Dr. Kenner: So you make it, it’s almost like you can put in a bubble a romantic relationship and you don’t have to integrate it with screaming kids and bills to be paid and I think you mentioned when I heard you speak once, it’s like strawberries and chocolate with a new, exciting, sexy person!
Dr. Kissler: Exactly.
Dr. Kenner: How can a wife or husband or partner compete with that?
Dr. Kissler: Absolutely.
Dr. Kenner: It’s just so tempting. So you talk about a three-stage model, and I know we only have a minute left – tell me about that.
Dr. Kissler: I think there’s a lot of great work on working with affair couples that was created by Donald Baucom, Douglas Snyder and Kristina Gordon, and they have two books. One book for actual couples and one for the clinician. The books are called Helping Couples Get Past the Affair and Getting Past the Affair, a program to help you cope, heal and move on together or apart. They speak of three stages, which I employ in my work with couples. Stage one is absorbing the blow. Here, you’re doing damage control and trying to restore equilibrium and order. As you move into stage two, you’re giving meaning and establishing new assumptions. Here’s a deeper understanding of what contributed to the affair, reactions, recovering trust and intimacy and reestablishing some security. And then as you move in stage three, this is called moving forward. Where you try to move beyond the event and no longer allow it to control your life, so you work with issues of forgiveness, developing realistic and balanced views of the relationship, and try to make a decision about the nature of the relationship, if it’s a healthy decision to continue or not.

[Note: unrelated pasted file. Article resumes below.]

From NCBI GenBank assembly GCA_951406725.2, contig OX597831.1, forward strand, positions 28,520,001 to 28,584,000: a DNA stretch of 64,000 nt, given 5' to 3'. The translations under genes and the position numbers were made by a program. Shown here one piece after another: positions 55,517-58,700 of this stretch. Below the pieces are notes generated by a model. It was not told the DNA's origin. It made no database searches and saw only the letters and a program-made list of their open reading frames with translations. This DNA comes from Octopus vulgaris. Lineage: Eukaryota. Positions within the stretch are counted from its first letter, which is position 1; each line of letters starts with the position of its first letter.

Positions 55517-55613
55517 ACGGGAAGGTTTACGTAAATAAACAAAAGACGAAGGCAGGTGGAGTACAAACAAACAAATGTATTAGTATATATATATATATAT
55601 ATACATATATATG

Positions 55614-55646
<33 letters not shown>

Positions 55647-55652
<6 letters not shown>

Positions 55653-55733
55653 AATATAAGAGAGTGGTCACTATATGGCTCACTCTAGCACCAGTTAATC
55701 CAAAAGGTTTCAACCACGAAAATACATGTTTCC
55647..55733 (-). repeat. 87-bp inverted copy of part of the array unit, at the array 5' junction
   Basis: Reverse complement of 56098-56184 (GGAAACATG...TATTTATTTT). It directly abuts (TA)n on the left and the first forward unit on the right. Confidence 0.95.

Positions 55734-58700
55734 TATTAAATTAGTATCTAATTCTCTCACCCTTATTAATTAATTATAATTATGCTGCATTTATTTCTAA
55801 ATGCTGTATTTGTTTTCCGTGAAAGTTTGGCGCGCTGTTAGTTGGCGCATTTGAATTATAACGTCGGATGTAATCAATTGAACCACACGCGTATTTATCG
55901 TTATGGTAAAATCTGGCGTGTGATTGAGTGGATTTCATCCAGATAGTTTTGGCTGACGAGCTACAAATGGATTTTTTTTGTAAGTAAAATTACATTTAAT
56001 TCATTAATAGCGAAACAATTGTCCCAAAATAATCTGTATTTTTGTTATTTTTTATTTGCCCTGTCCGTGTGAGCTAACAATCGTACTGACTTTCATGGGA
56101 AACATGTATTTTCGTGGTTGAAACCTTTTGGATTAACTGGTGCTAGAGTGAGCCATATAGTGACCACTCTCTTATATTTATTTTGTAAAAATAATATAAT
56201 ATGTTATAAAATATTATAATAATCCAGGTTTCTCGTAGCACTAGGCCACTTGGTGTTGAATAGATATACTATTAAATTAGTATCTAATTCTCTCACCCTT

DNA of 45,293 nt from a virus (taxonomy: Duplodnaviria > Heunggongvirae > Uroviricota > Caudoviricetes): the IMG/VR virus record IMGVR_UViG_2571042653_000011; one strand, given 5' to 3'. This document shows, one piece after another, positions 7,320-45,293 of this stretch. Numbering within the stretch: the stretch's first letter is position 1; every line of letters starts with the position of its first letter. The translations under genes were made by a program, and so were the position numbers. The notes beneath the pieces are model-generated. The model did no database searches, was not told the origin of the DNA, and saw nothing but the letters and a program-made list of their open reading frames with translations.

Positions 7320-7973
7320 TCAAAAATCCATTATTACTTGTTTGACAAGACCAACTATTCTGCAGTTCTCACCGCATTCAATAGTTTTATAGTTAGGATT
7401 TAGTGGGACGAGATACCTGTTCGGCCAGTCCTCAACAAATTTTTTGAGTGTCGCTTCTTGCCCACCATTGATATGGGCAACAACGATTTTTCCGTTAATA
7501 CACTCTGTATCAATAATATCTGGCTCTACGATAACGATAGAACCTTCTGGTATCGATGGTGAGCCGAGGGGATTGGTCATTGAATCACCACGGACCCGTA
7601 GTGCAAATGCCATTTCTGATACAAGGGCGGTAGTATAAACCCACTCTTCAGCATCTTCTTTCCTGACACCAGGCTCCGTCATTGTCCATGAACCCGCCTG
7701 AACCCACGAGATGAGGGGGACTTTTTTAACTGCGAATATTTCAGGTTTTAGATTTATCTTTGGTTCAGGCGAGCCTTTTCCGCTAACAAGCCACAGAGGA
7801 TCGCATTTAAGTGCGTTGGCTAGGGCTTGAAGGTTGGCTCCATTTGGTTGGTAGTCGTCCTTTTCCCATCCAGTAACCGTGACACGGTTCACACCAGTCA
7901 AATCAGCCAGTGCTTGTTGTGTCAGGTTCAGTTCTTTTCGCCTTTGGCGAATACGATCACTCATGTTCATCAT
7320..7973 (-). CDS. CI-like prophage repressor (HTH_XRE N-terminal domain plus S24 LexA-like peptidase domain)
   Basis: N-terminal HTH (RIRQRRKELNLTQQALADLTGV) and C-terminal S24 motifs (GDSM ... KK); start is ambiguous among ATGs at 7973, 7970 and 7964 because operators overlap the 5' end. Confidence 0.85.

Dr. Kenner: That’s a wonderful outline. Thank you so much. This is Dr. Tiffany Kissler and she is the co-founder of Psychological Center for Sexual Health in Providence, Rhode Island. Thank you Tiffany.
Dr. Kissler: Thank you very much for having me.
Dr. Kenner: You can visit my website DrKenner.com.